loup garou?

Grant Barrett gbarrett at WORLDNEWYORK.ORG
Thu Sep 27 18:00:16 UTC 2001

On 9/27/01 13:17, "RonButters at AOL.COM" <RonButters at AOL.COM> wrote:

> << ... the curious pleonasm of
>>> "loup-garou" ... >>
> Which is what?

The speculation I cobbled together from multiple sources puts the word
changes in roughly this order (spelling, of course, being highly variable):

w["a]rwolf, w["a]hrwolf, wehrwolf, werwulf
       (Germanic or Frankish; man-wolf)
        (Old Nordic)
garwall, garwaf, garvalf
        (Old Northern French, 1175, from Les Lais de Marie de France; in one
        version of the work these three spellings are within a few lines of
        each other.)
waroul, warou, wareu
        (Not sure whether these go before or after Marie de France)
guaroul, garoul, garou
       Still meaning "werewolf."
      At which point the "loup" or variations from the Latin "lupus"
      were added back into the word to create
leu garoul
      then the modern French

which might be literally said to mean "wolf man-wolf."

It's even more fun to explain to others if you add in the Indo-European
"wro," the Sanskrit "vira" and the Latin "vir" to the top of the list, and
maybe tangent a little on the origin of the word "world." All speculative,
but the point of the demonstration was to mark the changes between the
original language of Marie de France and modern French, with reference to
the Norman invasion and the creation of something resembling our English.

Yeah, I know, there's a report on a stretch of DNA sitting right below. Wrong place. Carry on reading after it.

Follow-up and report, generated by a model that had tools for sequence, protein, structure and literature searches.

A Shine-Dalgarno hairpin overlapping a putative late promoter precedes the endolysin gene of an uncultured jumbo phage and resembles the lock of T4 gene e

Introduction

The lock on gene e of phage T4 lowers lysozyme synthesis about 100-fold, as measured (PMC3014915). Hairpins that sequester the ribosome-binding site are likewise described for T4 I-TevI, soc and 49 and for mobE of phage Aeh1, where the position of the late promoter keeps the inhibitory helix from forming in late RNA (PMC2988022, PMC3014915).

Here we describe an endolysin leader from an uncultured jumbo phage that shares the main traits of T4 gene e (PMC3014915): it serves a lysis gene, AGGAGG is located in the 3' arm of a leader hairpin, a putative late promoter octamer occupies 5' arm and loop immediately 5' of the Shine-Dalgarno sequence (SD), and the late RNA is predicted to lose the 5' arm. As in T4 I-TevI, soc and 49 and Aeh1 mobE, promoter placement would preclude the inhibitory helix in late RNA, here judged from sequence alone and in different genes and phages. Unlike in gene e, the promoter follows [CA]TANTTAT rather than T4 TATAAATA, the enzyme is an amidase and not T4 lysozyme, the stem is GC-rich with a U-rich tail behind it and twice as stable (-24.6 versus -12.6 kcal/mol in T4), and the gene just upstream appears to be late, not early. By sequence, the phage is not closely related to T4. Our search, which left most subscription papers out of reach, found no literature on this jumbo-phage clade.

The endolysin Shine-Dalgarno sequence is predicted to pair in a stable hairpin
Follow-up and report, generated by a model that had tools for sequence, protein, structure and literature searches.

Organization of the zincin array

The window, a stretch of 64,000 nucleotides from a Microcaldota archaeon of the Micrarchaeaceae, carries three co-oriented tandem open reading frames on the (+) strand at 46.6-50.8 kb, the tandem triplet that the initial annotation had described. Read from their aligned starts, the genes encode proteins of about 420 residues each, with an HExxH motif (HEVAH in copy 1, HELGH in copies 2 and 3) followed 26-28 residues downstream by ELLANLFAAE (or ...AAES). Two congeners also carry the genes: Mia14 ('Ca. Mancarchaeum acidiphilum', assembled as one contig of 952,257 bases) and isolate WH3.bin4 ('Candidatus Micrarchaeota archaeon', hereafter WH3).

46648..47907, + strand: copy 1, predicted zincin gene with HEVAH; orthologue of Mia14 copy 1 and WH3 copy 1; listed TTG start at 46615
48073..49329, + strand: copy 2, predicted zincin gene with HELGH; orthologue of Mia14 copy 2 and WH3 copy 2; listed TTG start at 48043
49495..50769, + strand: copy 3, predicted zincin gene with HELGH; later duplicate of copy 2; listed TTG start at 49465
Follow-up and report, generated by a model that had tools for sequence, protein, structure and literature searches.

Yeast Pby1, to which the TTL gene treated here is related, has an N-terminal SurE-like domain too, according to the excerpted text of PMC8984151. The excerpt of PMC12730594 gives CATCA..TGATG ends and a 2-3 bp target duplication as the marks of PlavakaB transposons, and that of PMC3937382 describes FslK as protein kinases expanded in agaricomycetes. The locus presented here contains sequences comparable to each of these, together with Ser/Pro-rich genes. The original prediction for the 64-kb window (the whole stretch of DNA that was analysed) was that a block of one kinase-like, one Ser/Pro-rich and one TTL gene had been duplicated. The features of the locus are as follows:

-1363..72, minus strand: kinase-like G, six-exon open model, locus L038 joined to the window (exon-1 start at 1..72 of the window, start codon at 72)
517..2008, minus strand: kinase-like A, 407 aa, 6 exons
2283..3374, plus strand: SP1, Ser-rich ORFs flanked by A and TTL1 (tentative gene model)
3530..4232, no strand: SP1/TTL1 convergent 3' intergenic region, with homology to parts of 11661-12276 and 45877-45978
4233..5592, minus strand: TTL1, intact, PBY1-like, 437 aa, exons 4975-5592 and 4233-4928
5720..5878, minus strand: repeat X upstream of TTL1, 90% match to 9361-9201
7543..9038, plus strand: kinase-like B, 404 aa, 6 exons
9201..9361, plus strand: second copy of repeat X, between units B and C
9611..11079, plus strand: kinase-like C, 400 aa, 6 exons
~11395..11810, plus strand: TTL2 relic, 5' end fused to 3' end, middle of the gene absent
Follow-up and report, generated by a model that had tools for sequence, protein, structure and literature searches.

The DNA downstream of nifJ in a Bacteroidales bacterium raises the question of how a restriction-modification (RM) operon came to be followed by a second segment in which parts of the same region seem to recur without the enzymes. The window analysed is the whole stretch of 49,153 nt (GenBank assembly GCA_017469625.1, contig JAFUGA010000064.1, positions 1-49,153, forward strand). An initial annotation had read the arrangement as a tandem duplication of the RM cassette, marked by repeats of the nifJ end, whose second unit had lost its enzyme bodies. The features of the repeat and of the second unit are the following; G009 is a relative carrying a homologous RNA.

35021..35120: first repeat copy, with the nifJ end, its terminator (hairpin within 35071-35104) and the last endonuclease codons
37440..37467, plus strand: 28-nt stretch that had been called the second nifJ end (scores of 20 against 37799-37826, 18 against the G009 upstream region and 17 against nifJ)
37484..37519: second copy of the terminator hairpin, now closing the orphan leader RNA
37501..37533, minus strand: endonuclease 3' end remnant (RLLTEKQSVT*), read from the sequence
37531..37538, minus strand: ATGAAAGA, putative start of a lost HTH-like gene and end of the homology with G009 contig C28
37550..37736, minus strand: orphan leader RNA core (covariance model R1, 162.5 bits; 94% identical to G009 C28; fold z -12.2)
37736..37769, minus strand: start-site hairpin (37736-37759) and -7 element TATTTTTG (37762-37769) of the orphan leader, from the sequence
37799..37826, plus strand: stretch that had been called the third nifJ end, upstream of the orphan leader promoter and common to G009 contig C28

Gilles Ménage's "Dictionnaire étymologique de la langue françoise" (1750)
online at the Bibliothèque Nationale Française has some wild notions about
the origin of the word (that it derives directly from the corruption of
other, similar, French or Latin words that have to do with the appearance or
the conduct of such creatures, without offering specific citations other
than other etymologic theorizing, or that it comes from Hebrew, most of
which I did not understand as I do not read Latin nor Hebrew, alas) that
coordinate with nothing I found elsewhere, so I disregarded those points and
stuck to those parts of his etymology that concurred with other sources.

The OED has a good general etymology of werewolf, if you're interested in
it, with the appropriate amount of doubt sown.


Grant Barrett
gbarrett at worldnewyork.org
New York Loves You Back

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